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Proto-Kaw - The Wait Of Glory CD (album) cover




Symphonic Prog

3.65 | 94 ratings

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4 stars After reaching their apparent pinnacle with album "Before Became After" I confess I stayed a bit concerned if "The Wait Of Glory" should be able to achieve the same status. Well, in the beginning TWoG said little to me but when the number of spins started to show its effect things also started to change for me.

Here, PROTO-KAW lost a bit of that rawness state that got me completely; but after several hearings I realized how good the songs were and how well produced this album was. Noticeable is that they seem happy doing this work, with brand new songs and certainly sipping joyfully the positive critics related to their previous output.

'Nevermore' starts the album in a grand manner, those initial sound effects brings reminiscences of old times - the hunter before his prey. Soon, when singing begins we are presented by some soft vocals rivaling with nice flute tunes and a splendid overall atmosphere. Solo parts get more nervous, frenzy, taking us out of the indolence just to appreciate it, the transitions guitar/keyboards are pure progressive.

'Relics of the tempest' is another great song, that flute in the intro is enchanting, to say the least. Meredith's vocals are superb but the band effort is amazing. Does someone know a song you can listen to many times without becoming weary?

'When the rain comes' completes the opening triad of high-quality songs, in all aspects. Up to now the listener is gifted with 22-plus minutes of jaw-breaking music. If wished one could turn off the player and say: enough of marvels, now it's time for dreaming. The good news: there's more!

'On the eve of the great decline' don't let things down, the set of jewels still shine. Here's a great lesson how a symphonic prog short song must be: meaningful in the correct dosing to take the maximum advantage of the exiguous time. 'Physic' with its funk approach is catchy and funny; good brass action here. Later the song evolves to kind of Latin tunes, very interesting and agreeable. 'At morning's gate' is probably the catchiest song in the album roster but even so done in the most honest way one could suppose.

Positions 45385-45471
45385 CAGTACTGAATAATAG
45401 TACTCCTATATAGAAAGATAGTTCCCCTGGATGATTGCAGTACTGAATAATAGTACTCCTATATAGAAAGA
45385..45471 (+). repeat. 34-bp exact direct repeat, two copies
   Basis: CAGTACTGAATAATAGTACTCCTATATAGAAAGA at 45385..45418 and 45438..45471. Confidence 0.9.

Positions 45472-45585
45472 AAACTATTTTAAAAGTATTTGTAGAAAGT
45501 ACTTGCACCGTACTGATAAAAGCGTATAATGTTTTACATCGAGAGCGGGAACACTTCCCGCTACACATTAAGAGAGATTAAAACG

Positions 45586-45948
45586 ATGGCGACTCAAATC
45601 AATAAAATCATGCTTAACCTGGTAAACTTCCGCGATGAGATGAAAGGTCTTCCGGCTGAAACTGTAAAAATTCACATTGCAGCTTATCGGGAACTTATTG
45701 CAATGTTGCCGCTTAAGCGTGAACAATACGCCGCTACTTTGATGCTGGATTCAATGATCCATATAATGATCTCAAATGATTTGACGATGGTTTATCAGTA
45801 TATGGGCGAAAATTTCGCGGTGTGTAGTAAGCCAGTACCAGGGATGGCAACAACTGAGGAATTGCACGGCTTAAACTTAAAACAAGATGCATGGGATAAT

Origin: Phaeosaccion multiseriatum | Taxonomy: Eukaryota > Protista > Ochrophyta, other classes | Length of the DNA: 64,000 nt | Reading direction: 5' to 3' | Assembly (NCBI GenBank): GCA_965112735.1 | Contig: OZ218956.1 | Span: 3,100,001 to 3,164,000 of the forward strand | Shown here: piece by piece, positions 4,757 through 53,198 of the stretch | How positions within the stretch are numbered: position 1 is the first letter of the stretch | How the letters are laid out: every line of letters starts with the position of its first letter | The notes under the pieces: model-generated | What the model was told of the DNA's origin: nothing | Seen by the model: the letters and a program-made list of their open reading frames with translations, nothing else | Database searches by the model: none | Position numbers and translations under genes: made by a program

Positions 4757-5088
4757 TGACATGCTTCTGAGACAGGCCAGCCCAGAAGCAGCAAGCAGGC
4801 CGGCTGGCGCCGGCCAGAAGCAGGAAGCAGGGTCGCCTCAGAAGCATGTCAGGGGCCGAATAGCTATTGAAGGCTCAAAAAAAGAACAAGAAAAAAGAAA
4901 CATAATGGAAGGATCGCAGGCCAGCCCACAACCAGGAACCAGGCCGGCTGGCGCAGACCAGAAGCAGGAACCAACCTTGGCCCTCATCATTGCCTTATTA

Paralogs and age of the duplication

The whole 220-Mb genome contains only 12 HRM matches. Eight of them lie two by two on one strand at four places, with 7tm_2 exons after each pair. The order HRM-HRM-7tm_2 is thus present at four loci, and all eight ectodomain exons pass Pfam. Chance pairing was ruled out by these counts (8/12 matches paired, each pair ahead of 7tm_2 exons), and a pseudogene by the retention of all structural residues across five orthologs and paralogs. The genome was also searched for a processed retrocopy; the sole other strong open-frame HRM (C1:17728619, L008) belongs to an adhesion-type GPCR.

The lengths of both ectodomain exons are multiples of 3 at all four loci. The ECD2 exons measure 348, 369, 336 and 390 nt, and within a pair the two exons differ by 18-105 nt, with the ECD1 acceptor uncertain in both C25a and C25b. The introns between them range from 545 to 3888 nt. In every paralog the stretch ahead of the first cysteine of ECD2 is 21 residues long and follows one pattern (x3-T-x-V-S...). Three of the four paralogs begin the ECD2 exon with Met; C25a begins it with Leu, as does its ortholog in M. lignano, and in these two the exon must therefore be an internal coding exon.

'Melicus Gladiator' brings echoes of the first three songs - with its complex arrangements and crude vocals. The massive attack of great tunes paves the way for the next song, the poignant 'The vigil', a soft hymn-like track full of nice tunes and variations that gathers the attention in the entirety of its 7 minutes. 'Old number 63' returns to the funk beat, including a rap-esque section. Rap? Well, that's how I felt it and if rap songs were like this, I wouldn't mind hearing hundreds of them.

'Osvaldo's groceries', an instrumental piece, is really pleasant but I believe that the exquisite song intro should be better exploited. 'Picture this' is another typical PK song with its different tempos, soothing vocals and fine instrumentation. 'One fine day' ends originally the album in the highest astral level - enjoyable singing and playing to close things rightly.

From the bonus tracks that appeared in the DVD, I'd like to spot the catchy 'Words of honor', a song recorded with all elements needed to be a radio-friendly although I don't know if it really happened in North America.

One final word: I tried to evaluate TWoG tracks in the same manner I originally heard them, it means, with few information about the lyrics, since I have a certain difficulty to pick up the American accent. So, I concentrate my views mainly in the music, although later I discovered that lyrics are great too.

Not a masterpiece, but really essential.

Atkingani | 4/5 |


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